As with other recognized professions—medicine, law, accounting, and engineering to name a few—for change management, the writing is now on the wall. 

Whether you are new to the change management profession, considering joining the profession, or an experienced change management practitioner, the question of whether or not to get certified as a change management professional is probably on your mind.

This is an exciting time for the change management profession. It is formalizing, standardizing, and certifying.  These activities have been evolving over the past 15 years starting with the Change Management Institute (CMI) in Australia developing the first change management competency models, an Organizational Change Maturity Model, and, with APMG, a Change Management Body of Knowledge (CMBoK) which form the basis for the CMI/APMG accreditation programs.

The forward movement of the change management profession parallels the acceleration of change in the workplace. As with other recognized professions—medicine, law, accounting, engineering to name a few—for change management, the writing is now on the wall.

As we move further into the 21st century and change continues to accelerate, it is clear that organizations who practice change management are better prepared for the future and now looking to tout organizational agility as their next organization-wide competency.

In the 1990s and into the early 2000s, more and more organizational work turned into project work (generally the introduction of new systems, processes, lines of business and more efficient business practices).  It became apparent that companies who valued project management would adapt, survive and thrive. And so the Project Management Institute (PMI) stepped up and developed its Project Management Professional (PMP) certification program.

The program delivered many project and program management professionals to a marketplace hungry for the quality of the services they could provide. According to PMI, their PMP certification increased earning potential significantly. Their 2013 Salary Survey indicated that PMP certified project managers in the US make an average of 20% more than non-certified project managers.

Having certification and the letters Change Management Professional (CMP) behind your name is not so much a process of becoming part of an exclusive club as it is a process of providing formal recognition for the value that change management professionals bring to organizations—helping them to accelerate the implementation of business strategies and realize intended results for their customers.

Credentialing organizations recognize several benefits from pursuing a certification:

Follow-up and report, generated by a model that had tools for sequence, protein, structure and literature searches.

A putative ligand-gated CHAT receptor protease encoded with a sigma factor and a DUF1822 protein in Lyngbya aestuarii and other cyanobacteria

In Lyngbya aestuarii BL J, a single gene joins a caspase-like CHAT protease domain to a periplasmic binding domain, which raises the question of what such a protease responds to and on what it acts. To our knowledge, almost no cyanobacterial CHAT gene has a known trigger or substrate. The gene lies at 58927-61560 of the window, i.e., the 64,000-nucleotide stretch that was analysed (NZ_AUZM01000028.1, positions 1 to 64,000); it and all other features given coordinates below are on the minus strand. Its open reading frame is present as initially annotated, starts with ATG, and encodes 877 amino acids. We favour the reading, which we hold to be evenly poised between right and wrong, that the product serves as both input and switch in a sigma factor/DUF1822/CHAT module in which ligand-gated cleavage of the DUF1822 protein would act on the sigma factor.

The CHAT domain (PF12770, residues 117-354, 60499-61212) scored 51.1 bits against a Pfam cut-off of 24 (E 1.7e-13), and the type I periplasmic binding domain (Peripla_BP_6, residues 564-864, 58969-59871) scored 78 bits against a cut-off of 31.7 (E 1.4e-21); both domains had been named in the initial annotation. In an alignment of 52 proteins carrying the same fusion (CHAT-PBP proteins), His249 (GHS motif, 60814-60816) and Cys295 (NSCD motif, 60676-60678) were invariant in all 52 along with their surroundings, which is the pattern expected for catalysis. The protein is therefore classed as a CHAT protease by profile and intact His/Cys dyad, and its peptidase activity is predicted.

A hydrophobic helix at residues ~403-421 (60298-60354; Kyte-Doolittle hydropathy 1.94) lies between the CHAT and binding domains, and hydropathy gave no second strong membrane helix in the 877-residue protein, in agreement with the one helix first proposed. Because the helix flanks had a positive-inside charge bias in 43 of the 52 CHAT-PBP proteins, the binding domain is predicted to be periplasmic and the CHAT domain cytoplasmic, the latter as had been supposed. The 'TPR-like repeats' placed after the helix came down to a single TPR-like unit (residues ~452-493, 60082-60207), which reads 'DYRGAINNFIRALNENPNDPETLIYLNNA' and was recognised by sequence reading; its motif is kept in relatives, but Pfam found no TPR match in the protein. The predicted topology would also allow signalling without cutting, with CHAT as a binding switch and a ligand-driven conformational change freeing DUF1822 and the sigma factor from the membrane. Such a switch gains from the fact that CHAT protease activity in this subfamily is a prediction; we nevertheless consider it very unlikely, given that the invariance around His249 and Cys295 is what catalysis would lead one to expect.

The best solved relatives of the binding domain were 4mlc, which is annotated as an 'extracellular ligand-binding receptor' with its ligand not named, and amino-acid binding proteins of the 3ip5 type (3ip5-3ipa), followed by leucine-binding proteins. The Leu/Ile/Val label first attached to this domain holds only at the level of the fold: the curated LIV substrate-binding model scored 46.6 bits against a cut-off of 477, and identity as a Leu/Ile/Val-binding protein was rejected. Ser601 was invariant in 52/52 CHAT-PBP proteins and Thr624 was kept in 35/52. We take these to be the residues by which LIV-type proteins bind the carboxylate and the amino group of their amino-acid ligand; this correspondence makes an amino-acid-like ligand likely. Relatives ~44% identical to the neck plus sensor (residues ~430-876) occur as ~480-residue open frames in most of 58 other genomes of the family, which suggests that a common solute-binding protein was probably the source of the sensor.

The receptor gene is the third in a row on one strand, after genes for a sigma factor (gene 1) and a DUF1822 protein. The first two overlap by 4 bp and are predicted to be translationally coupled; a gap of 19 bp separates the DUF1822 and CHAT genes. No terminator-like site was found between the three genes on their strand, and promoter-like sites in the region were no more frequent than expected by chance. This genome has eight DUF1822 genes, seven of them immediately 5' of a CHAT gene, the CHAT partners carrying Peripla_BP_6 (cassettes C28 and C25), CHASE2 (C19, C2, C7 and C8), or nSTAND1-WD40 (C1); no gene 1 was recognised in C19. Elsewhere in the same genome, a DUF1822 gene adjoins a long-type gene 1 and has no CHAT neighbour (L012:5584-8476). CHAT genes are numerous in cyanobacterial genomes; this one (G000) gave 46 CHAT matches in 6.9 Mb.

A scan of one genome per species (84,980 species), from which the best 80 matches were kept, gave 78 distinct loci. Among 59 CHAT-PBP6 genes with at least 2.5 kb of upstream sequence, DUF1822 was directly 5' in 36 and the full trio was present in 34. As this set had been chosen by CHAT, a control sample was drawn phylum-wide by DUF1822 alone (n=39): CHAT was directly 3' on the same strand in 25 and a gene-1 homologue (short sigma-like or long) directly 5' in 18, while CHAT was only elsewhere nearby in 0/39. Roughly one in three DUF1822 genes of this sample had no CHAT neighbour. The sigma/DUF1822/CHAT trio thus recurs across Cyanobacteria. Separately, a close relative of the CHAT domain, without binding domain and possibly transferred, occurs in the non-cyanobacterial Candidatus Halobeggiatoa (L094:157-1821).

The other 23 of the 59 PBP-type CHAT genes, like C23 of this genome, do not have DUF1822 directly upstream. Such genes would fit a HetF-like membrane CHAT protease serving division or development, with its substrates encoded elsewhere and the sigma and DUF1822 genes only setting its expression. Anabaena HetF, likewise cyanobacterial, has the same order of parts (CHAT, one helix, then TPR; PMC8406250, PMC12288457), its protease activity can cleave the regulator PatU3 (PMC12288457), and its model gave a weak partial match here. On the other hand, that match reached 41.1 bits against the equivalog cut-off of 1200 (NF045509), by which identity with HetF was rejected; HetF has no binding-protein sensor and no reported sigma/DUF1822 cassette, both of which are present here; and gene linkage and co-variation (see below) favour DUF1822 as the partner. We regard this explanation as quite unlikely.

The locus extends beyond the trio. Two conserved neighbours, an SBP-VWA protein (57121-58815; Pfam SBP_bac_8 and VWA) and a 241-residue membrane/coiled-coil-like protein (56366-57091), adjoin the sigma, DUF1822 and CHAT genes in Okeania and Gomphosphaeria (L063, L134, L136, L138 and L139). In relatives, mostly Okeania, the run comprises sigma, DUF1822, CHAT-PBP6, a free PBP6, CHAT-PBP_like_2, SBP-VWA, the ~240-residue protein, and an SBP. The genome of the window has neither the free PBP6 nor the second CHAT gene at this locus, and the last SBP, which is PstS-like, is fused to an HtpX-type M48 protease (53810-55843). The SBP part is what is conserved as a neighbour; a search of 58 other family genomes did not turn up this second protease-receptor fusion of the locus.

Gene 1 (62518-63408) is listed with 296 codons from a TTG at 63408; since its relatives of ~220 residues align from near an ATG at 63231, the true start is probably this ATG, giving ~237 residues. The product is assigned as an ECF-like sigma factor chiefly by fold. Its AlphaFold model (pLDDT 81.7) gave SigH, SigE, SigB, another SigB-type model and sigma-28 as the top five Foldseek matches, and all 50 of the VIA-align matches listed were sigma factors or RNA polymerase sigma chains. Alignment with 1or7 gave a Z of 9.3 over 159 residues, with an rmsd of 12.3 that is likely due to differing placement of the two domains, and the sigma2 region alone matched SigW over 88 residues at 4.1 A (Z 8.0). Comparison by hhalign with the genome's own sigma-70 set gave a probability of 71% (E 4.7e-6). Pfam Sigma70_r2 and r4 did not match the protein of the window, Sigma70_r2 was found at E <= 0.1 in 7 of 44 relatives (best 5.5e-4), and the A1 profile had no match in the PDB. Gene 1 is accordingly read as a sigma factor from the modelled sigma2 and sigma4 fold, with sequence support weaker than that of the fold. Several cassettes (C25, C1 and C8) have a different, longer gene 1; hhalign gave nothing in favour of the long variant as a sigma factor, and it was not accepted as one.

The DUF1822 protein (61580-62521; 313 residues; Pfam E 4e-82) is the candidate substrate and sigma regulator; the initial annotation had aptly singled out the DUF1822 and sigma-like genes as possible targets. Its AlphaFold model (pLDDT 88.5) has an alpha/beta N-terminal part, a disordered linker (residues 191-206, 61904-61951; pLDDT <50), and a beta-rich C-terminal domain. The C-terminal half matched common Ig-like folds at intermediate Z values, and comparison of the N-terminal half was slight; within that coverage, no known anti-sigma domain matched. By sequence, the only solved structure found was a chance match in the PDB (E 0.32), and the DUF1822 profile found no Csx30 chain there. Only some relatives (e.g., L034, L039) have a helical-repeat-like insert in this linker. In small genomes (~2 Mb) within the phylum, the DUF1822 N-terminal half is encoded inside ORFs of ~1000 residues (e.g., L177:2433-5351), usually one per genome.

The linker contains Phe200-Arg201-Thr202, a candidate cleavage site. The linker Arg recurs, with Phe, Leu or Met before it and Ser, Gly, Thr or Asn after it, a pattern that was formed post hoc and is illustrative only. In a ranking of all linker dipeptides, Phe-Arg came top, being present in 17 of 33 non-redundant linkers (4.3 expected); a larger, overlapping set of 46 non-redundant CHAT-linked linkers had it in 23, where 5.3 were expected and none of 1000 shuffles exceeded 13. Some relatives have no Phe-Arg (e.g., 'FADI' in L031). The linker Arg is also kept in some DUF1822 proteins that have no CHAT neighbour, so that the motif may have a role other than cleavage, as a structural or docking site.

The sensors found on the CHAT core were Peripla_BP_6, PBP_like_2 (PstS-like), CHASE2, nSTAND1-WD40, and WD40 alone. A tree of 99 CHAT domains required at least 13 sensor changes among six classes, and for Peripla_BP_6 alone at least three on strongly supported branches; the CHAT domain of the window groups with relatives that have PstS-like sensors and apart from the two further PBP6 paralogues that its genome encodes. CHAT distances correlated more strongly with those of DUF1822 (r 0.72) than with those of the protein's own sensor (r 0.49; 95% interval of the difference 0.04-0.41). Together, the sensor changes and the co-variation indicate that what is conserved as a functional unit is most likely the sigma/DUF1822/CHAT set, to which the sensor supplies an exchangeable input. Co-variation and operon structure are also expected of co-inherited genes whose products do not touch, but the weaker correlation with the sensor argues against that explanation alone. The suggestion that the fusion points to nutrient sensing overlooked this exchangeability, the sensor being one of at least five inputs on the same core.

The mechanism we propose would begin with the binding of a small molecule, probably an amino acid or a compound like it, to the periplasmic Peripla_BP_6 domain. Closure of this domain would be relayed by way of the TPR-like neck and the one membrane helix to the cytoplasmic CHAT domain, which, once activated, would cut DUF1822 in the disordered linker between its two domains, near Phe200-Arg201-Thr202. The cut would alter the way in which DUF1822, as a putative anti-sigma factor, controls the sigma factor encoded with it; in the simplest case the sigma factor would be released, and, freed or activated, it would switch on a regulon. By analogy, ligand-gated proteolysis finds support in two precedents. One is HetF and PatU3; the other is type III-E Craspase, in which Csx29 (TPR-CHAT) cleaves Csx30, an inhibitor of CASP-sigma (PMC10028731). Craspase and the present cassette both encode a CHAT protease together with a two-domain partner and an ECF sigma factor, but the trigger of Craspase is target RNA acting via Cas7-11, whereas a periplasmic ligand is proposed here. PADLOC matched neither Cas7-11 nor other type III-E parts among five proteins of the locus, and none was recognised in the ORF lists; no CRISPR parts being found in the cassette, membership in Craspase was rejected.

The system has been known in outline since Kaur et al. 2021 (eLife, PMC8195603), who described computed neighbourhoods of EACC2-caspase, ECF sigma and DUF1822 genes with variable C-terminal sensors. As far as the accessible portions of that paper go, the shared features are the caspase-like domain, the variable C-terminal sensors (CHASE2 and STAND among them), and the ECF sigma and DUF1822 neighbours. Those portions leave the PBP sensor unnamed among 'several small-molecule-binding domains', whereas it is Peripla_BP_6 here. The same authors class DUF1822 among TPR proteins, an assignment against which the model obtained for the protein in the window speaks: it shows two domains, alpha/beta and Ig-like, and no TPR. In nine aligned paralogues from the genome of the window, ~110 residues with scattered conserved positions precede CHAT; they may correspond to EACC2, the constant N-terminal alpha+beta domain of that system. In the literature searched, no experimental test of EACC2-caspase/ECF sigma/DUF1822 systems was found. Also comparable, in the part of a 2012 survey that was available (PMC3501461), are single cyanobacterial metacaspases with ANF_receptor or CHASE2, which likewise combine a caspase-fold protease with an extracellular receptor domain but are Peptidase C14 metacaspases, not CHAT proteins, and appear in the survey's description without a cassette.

• An individual’s having greater confidence in their own competence and a competitive edge among their peers
  • Possessing a job asset that is portable, as well as recognized and valued by potential employers
  • Displaying an outward symbol that you are committed to the profession, its standards, and to learning as a lifelong pursuit

Certification is definitely a hallmark of a profession in positive transition.

At this point the notion of “grandfathering” may come into play. Grandfathering may be a uniquely USA term but there are parallels in other countries, especially in terms of building codes and businesses. Having a defined set of knowledge, skills, and proven experience could allow individuals who have been part of the change management profession for most of their working lives to achieve the credentials without a costly course of training and certification other than the cost to take relevant examinations.

But not without work. When the Performance Consulting profession established its credentialing system in the early 2000s, it laid out a process for experienced practitioners to achieve their CPT (Certified Performance Technologist) certification. ISPI (the credentialing association) required practitioners to supply proof of related degrees and training as well as a detailed description of several projects which matched ISPI’s criteria for appropriate application of the discipline and where the consulting intervention resulted in improved performance.

What will the future state of change management certification look like? Currently there are many change management certifications that vary widely as to what they certify. Likely these will be accepted for a period of time until the amalgamation of, or alignment of, standards-making bodies and their standards result in one dominant global accreditation or credential.

Interestingly, it may well be that international corporations will help to drive that process as a way of:

  • Facilitating recruitment and hiring processes
  • Streamlining development costs for personnel

Whatever shape it takes, it would appear that credentialing for change managers as an important component of their professional resume is coming. The costs for the practitioner are time and money, but the value gained for both the practitioner and the profession is immeasurable.